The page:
By: Peter D. Moore President Wild Oak Enterprises, LLC
There has long been a challenging relationship between IT and its key internal line of business partners and other key stakeholders. Everywhere you look today someone is trying to undermine the CIO and the role and value of corporate IT:
- Shadow IT, technology purchases that bypass corporate IT, are growing at double digit levels.
- Long standing adversarial relationships between IT and its internal business partners and users have furthered a “legacy mindset” that believes “IT takes too long, costs too much and never gives me what I really want.”
- Lastly, many companies still see Corporate IT as only a cost center/support function rather than a direct contributor to driving new revenues and profits.
A recent study by IDC and the SAS Institute had shed new light on this issue through the lens of Big Data and Analytics and will be the focal point of a May 15th webcast http://go.sas.com/qgw6fr. The study states right up front that “success with Big Data requires enterprise-wide data coordination and cannot be performed by individual departments or shadow information technology.” It also highlights the continuing disconnect between IT and lines of business with regards to analytics. “While IT sees itself contributing to and guiding analytics strategy, LOB is more likely to see it as a roadblock.”
The core thesis of the study is supported by four key findings that debunk commonly-held analytics myths. What follows is a three part review of these findings with my POV added on the Practical side of the equation.
IT controls all things data
Analytics is finding a home, but not in IT
As a practical matter, companies must come to the realization that in the new era of digital interactions their customers and employees are now asserting their desire and role to control direct access to and utilization off data and data analytics. As such, both IT and the LOB’s need to see the value and benefit of letting go of a silo based control model and jointly support a cross enterprise access and utilization model.
At the core of the new digital business model is a company’s ability to leverage and deploy big data and data analytics as a driver of new revenues and profits. To do that successfully requires the full participation and collaboration of all the key stakeholders in the company working against mutually agreed upon business outcomes and deliverables. No one functional area or business unit can hope to have anywhere near the desired impact that this collaborative approach can deliver.
One of the major drivers of the new era of digital interactions is the demand by customers for “friction free” engagements. What consumers are looking for from companies is to be able to engage with them as easily as they engage with their family and friends using a variety of applications and tools:
Web has made searching for information friction free
Mobile has made access friction free
Cloud has made computing friction free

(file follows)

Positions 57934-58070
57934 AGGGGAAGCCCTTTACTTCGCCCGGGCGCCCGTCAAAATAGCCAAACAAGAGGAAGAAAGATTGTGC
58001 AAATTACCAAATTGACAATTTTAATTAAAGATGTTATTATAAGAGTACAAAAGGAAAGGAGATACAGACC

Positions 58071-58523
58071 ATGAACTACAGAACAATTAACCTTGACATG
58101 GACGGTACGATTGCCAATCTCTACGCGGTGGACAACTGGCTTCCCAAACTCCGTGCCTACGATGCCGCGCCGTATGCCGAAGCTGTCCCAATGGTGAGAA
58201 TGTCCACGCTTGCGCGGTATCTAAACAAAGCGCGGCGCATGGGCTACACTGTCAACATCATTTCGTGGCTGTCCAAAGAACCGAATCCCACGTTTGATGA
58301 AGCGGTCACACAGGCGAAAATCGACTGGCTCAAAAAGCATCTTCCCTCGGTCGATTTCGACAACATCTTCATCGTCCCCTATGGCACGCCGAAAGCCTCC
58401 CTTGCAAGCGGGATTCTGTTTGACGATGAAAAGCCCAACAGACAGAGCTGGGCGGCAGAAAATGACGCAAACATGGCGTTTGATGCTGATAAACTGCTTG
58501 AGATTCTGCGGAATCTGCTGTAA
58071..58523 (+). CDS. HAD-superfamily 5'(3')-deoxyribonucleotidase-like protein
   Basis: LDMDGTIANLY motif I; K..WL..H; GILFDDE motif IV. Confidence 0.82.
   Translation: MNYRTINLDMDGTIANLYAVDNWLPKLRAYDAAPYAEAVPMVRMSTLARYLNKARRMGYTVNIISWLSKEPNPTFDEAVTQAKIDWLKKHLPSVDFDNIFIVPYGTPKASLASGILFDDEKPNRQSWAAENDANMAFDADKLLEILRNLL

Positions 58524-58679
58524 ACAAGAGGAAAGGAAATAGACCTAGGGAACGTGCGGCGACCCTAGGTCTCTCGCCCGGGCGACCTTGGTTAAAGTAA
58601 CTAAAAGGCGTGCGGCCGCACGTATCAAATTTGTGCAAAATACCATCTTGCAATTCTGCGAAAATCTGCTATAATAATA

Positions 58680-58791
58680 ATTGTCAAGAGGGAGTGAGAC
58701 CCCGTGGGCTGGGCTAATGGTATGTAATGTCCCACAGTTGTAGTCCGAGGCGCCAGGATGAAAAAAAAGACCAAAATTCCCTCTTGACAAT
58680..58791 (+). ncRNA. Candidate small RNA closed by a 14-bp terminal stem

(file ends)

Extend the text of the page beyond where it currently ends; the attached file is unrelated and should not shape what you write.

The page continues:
Big Data & Analytics are not yet friction free
Here are some examples of companies who are working to deliver friction free customer engagements:
Charles Schwab – Remote Deposit Capture
FedEx – Re-Route Your Package Delivery Location in Transit
Hyatt Hotels – Eliminate Lobby Check-In
Technology poses the biggest challenge
The greatest stumbling blocks are organizational mindset and culture
I agree completely with the IDC finding. The legacy mindset about IT that “it takes too long, it costs too much and it never gives me what I really want” is a major roadblock within most organizations. To overcome these stumbling blocks, IT and its business partners to a find a way to work together to align future technology investment priorities with critical business outcomes.
This process strongly relies on the cross enterprise distribution of data, information, knowledge and expertise in order to achieve that kind of outcome. It also must recognize and account for the fact that the customer now wants, in fact demands to be, more in control of how they engage with a company instead of the other way around.
Everyone understands the value of analytics
Businesses have trouble articulating the value of analytics
I think IDC’s finding is very true. If you look at the whole area of big data and data analytics and you talk to someone who is not a data scientist most of them do not have a clear understanding of what you are talking about. So we need to create a common vocabulary and set of terms and definitions that allows IT and LOB executives to have constructive dialogues about how best to leverage big data and data analytics for the competitive benefit of the entire enterprise. I think we have to make it easier for people who aren’t “experts” to be able to consume, discuss and utilize data in a way that’s very different than they have in the past.
You can’t have analytics without IT
IT is part of the problem, not the solution
As a practical matter, you can’t have analytics without IT because they are the keepers of the critical data that is stored by the company either on premise or in the cloud. That said, IT also has to let go of their old silo mentality where they wanted to control everything. They wanted to make it. They wanted to own it. They wanted to control access to and utilization of it. That is no longer possible.
As I said above, in order for companies to provide “friction-free” customer experiences, they need to enable them to have direct access to and utilization of data and information when they want it, where they want it and how they want it.
Going forward, I think IT has the opportunity and I would even say the responsibility to act as a catalyst to breakdown the old silo mentalities within their organizations and foster the utilization of a new collaborative, cross enterprise model to engage with their LOB executives and other key stakeholders.